This won’t happen magically. Unless our studios can promise that these aspirations will be fulfilled, few people will bother, and I cannot blame them. Many studios have made the commitment to having killer tools. Almost as many have failed. And almost as many as that have failed to realize lack of a cohesive vision as a primary factor.

It isn’t surprising that resources get moved from tools dev, that schedules cannot be stuck to, that they cannot attract senior developers. Without a cohesive tools vision, how are resources supposed to be properly allocated? Resources become a fragile compromise between competing departments, rather than brokered by a separate party without allegiances. How is a schedule supposed to be followed, when the people doing the work are not the ones who feel the repercussions? And it is no surprise that it is difficult to attract senior talent with strong programming skills necessary to develop great tools to these positions. If there is no career path- and, let’s face it, most studios have no career path for tools developers- they’re going to go into game programming, or the general software industry (which is, for the most part, some form of tools development in a different environment).

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The Importance of Vision, 1 of 3

by Rob Galanakis on 27/07/2011

As a small break while I finish my vacation, I’m going to publish my recent post at AltDevBlogADay in three parts.  View it there in its entirety.

Every ambitious creative endeavor has at its helm a single individual who is responsible for providing the vision for its development. In games, we have Art Directors in charge of the aesthetic, Technical Directors in charge of the technology decisions, and Creative Directors in charge of the overall game. Their chief responsibility is to guide the creation of a project that achieves their vision. The most successful directors are able to articulate a clear vision to the team, get buy in from its merits and his success, and motivate the team to execute with excellence. A project without a director’s vision is uninspired and unsuccessful.

It is no surprise, then, that even though we talk about tools and pipeline as its own niche- and even acknowledging it as its own niche is a big step- we have such uninspired and unsuccessful tools and pipeline at so many places in the industry. We seem to have a mild deficiency of vision in our small community of tools programmers and tech artists, and an absolute famine of vision and representation at the director level.

This situation is unfortunate and understandable, but underlies all tools problems at any studio. Fixing it is the vital component in fixing the broken tools cultures many people report. Without anyone articulating a vision, without anyone to be a seed and bastion of culture and ideas, we are doomed to not just repeat the tools mistakes of yesterday, but to be hopelessly blind towards their causes and solutions.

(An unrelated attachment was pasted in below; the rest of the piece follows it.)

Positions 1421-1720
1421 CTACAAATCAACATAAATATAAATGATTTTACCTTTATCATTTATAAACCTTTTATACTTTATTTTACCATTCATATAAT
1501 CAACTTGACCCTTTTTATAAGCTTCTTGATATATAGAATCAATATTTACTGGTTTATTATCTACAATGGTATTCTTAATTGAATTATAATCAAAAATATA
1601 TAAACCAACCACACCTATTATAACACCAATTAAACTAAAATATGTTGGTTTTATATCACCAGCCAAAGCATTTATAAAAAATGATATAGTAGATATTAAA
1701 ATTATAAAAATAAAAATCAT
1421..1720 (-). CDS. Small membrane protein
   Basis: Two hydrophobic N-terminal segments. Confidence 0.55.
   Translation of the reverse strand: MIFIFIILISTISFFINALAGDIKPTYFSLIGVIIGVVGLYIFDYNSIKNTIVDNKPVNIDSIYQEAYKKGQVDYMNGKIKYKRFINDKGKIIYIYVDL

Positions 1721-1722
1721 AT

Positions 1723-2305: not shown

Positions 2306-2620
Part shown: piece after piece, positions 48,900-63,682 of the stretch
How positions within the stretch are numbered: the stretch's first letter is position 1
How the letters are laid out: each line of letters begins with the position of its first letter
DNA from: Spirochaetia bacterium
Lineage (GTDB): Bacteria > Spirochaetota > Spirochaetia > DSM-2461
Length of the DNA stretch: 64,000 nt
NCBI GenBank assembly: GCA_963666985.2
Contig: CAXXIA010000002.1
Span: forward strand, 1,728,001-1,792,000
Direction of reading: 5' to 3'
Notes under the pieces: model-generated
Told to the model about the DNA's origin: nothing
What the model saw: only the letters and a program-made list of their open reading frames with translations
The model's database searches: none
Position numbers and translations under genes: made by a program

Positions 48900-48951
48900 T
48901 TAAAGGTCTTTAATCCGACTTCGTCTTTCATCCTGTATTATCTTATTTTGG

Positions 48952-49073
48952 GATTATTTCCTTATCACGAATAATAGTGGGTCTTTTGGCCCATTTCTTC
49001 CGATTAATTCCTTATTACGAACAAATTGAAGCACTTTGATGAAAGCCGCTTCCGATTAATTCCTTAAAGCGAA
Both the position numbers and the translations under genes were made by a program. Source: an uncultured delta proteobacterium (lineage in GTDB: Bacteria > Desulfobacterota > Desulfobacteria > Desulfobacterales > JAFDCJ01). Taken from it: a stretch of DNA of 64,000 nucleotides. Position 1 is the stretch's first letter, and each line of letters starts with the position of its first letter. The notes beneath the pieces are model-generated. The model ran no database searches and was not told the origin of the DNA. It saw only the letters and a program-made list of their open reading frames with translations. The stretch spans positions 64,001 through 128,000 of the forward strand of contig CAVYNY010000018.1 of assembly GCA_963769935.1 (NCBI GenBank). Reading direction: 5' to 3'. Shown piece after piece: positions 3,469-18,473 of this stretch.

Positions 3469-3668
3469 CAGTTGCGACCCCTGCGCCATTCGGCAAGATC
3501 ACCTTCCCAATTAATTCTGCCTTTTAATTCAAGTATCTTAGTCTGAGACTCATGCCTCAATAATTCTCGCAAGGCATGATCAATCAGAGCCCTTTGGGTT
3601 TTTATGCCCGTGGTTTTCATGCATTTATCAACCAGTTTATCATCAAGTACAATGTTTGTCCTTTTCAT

Where does this lack of vision come from? What can we do to resolve it?

The lack of vision stems from the team structures most studios have. Who is responsible for tools as a whole, tools as a concept, at your studio? Usually, no one and everyone. We have Tech Art Directors that have clever teams that often lack the programming skills or relationships to build large tool, studio-wide toolsets. We have Lead Tools Programmers that are too far removed from, or have never experienced, actual content development. We have Lead Artists that design tools and processes for their team, that do not take into account other teams or pipelines and are uninspired technically.

There is no one who understands how every content creator works, who also has the technical understanding and abilities to design sophisticated technologies and ideas. No one who understands how content and data flow from concept art and pen and paper into our art and design tools, into the game and onto the release disk.

Without this person, what sort of tools and pipelines would you expect? If there were no Art Director or someone who had final say and responsibility for a cohesive art style across the entire game, how different would characters and environment look in a single game? If there were no Creative Director who had final say over design, how many incohesive features would our games have? If there were no Technical Director to organize the programming team, how many ways would our programming teams come up with so solve the same problems?

So how come with Tools and Pipeline we don’t think the same way? There is no Tools Director, so we end up with disparate tools and workflows that fail to leverage each other or provide a cohesive experience. The norm for the tools situation is to look like the type of situation we find in studios with weak leadership at the Director level. A mess.  We need a person who understands how everyone at the studio works, and to take ownership of it and provide a vision for improving it.